Sunday, November 30, 2008

Big in Japan/ Photos (Day 67)

(Where am I: In Kaori's 2.5x10meter apartment in Chofu)

(What time is it: 111:15am, Sunday 30Nov, what am I listening to: Bossa 'n' Stones)

A photo is worth a thousand words, so here's my first book from Tokyo, Japan, the ultimate audio & visual candy place... Did I tell you about the food yet?

Kostas made it to Shinjuku station (apparently one of the busiest in the world)

Sure, I'll have a bit of everything - like I understand what I am eating or how much I am paying!


Dinner in TOKYO

Don't ask, just eat - Kaori ordering.... (thank God someone speaks Japanese)

City lights - Aussie hat (ok I took it off the next day)

City lights 2

City lights 3 - busy town!

Don't ask - I don't understand anyway

Poisonous Fugu fish - I am terrified - let's have one!

Ok, these are not sweets: This is Hello Kity and Snoopy dried seaweed (Nori) so the kids can eat with their rice!

A sucker for stories: The dog's name is Hachiko. So the story goes: He always used to meet his master at Shibuya train station (which is now one of the most popular meeting points in Tokyo). One day, his master died, so he (obviously) didn't show up. Hachiko, the loyal companion, was there waiting, forever...

People everywhere

Offical (un)Lonely Planet guide...

Cemetery, things are pretty quiet here...

Lunch time, note the little octapusses on the wall - thsi is fried balls with octapus pulp in them...nice

Prada temple - designed by Swiss architects (Lefka it's 5 floors... :-) )

Food heaven

Not a riot - just a normal pedestrian crossing

H&M queue... I am not kidding

Takeshima street, you have to see the T-shirt I bought!

Hello Kitty's message is clear: mind the closing door in the metro!

Lucky place...

More food, with Mikey

Perfect locations!

Of course we were there... :-)

Of course KAMIKAZE is the special tonight!

03:41 am - perfect weather for tomorrow says Kaori's mobile phone

Random Japanese dude...


Saturday, November 29, 2008

Magic, magic everywhere I look (Day 65)

On the plane to Japan, just having crossed the Equator for the second time on this trip, I am writing about the beauty & magic on this planet in small and big things alike.

(Where I am now: Japan Airlines 747, flight JO762 from Brisbane, seat 42G) Date: Fri28Nov- What time is it: now that depends, in Japan it’s: 13:21pm. What am I listening to: Japanese pop love songs which I have no clue what they mean on one of the plane’s channels)
Don’t plan, just do it, even if it involves a Phantom

Probably one of the last long-distance bus rides I will have to take; I woke up for a bus at 07:30 on Thursday to go south from Paihia to Auckland – my jump base for the next big adventure, Japan. I knew I wouldn’t be able to see much in Auckland, I got there around noon, completely exhausted from the tallying up of all these bus excursions to the North. It’s funny how you can get tired like this, even without any serious going out. Auckland is just another big city or so it seemed although as always, having a waterfront makes everything a bit more special. I checked in the surf&snow hostel, completely unimpressed by its large size and lack of common areas. I already started missing the coziness and familiarity of the Mousetrap but that’s what you usually get in big cities. In any case, I didn’t care at all, I just needed a shower and a bed for a few hours, I had to wake up at 04:30 the next day to get the airport bus and head to Brisbane, my connect airport for Tokyo Narita.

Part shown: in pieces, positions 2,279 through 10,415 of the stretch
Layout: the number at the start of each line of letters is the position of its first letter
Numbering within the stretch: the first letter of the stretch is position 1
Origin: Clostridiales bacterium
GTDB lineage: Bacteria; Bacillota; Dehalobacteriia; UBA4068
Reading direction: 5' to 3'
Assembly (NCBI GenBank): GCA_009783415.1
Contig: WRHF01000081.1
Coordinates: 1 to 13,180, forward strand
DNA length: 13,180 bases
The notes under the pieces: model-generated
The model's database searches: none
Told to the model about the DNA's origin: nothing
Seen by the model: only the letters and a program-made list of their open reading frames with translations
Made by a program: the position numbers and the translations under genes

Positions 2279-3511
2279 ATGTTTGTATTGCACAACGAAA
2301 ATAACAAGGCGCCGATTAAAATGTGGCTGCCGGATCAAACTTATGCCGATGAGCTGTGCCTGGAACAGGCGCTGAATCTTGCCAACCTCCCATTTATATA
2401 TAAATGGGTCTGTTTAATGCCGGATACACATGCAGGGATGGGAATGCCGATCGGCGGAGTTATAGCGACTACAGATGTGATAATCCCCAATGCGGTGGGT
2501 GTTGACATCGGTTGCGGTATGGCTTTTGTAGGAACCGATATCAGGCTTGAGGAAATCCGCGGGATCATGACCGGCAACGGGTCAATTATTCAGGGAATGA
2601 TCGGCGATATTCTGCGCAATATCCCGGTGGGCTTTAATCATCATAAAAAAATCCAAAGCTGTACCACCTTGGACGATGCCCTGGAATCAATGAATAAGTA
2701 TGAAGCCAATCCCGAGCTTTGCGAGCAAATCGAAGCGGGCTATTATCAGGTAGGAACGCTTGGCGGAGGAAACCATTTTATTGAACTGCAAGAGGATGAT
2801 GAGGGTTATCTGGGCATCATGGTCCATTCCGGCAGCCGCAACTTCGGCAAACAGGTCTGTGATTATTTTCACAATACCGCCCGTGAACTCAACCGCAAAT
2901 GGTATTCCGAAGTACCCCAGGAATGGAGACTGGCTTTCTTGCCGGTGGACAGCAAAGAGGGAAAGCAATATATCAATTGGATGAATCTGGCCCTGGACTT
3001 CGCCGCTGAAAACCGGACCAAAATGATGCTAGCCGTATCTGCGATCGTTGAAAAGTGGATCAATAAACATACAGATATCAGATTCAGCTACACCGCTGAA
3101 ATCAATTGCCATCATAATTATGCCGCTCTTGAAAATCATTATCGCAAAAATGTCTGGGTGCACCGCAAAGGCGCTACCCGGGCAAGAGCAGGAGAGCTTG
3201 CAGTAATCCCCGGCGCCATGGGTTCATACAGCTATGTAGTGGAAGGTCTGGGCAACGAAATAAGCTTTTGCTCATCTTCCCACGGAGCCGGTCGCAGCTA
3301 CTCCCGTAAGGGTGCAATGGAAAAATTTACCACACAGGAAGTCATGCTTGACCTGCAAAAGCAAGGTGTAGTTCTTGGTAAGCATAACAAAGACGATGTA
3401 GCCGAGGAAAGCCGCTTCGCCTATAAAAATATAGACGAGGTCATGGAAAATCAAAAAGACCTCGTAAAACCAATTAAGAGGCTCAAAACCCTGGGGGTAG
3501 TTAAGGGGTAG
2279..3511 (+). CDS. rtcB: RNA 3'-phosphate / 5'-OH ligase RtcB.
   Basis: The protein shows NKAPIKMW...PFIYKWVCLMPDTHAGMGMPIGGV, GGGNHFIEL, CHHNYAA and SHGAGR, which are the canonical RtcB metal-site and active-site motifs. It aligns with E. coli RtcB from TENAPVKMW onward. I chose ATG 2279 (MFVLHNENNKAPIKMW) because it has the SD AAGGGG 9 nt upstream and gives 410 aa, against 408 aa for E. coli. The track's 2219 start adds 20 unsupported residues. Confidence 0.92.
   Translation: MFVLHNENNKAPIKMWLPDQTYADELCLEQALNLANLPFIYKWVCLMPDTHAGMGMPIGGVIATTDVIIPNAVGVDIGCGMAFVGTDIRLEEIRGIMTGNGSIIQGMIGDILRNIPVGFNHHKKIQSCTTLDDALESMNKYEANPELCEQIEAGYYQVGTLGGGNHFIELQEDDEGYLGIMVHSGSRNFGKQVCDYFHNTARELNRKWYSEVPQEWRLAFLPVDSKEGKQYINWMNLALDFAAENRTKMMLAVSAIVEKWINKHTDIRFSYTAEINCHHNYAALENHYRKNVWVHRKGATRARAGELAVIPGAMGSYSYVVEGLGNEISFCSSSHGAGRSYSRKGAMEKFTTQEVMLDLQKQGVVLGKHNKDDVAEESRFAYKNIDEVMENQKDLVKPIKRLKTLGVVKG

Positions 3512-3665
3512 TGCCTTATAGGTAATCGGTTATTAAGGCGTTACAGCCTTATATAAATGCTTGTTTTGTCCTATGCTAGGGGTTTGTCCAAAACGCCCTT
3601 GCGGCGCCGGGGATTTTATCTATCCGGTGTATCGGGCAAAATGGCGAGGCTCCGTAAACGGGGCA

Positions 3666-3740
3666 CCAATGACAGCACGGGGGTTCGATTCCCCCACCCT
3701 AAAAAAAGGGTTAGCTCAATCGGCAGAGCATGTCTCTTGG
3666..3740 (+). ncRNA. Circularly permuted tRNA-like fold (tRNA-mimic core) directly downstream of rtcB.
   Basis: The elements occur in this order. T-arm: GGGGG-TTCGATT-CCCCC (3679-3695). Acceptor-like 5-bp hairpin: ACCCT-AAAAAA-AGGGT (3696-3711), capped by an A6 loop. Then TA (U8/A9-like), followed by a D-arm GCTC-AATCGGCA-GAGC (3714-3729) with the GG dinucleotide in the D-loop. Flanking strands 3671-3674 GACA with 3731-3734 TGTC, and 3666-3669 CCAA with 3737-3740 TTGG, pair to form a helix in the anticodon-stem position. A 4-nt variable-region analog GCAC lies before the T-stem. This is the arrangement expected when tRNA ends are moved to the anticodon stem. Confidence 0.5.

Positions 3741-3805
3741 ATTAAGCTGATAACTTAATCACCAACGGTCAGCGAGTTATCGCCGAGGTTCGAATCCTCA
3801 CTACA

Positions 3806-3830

All I can tell you about Auckland is that I had a very decent chicken Masala curry in one of the food courts and headed for Albert Park near the University, to lie under a lovely blue sunny sky. I took a nap for about 2 hours, after being stuffed with food and in dire need for some sleep. The park was full of people doing the same, reading books, talking, (even “ze Germans” where there) but I was too tired to care or even notice, I was already fast asleep… I can also tell you that in Auckland you can bungy jump off the big bridge in the harbor, it’s not a terribly high drop (40m) but definitely fun, all this for the price of about 60Euros, really cheap. They had a slot for 14:30 but I decided against it. Too tired to be bothered, I just wanted to hang out and do nothing. Well that was the plan in any case.

I woke up with a slight buzz from the nap and the sun that was quite warm and decided to take a walk downtown – it was about 17:00 when I passed in front of The Civic, one of Auckland’s big theaters. Big sign, very recognizable font and picture, it was just something you expect to see in London, there it was The Phantom of The Opera on tour. Until Sunday 30th of November. Don’t ask me why or how, I just went in the box office and bought a ticket – for a ticket that cost slightly less than a bungy jump I was attending The Phantom of the Opera, one of the nicest musicals and in a great seat (even though alone). “Doors close at 19:15 so you got to be here” said the cool guy at the ticket house. “Is it ok if I come like this?” I said, pointing at my walking shoes and trousers. “Dude, this is New Zealand, you can wear anything you want…” How nice, I’d hate to be the first underdressed backpacker attending such a great play…

Quickly to the hostel, a shower and off I went, nicely on time. The guy was right, you can wear anything you want. You had the standard looking (blonde, slightly overweight) Kiwi girls wearing their “dinner dresses” but also people in jeans and T-shirts. Very relaxed. I got to my seat, full of anticipation, still mesmerized from the idea that of all things, I had one night in Auckland and decided to see a play, one I’ve always wanted to. I am not big with plays. The last time I was in one was in London with mom & George, more than 10 years ago, when we visited my cousin Andrea and she had arranged for us to see Les Miserables, one of the coolest nights of my life, I thoroughly enjoyed the music, the scenery, everything.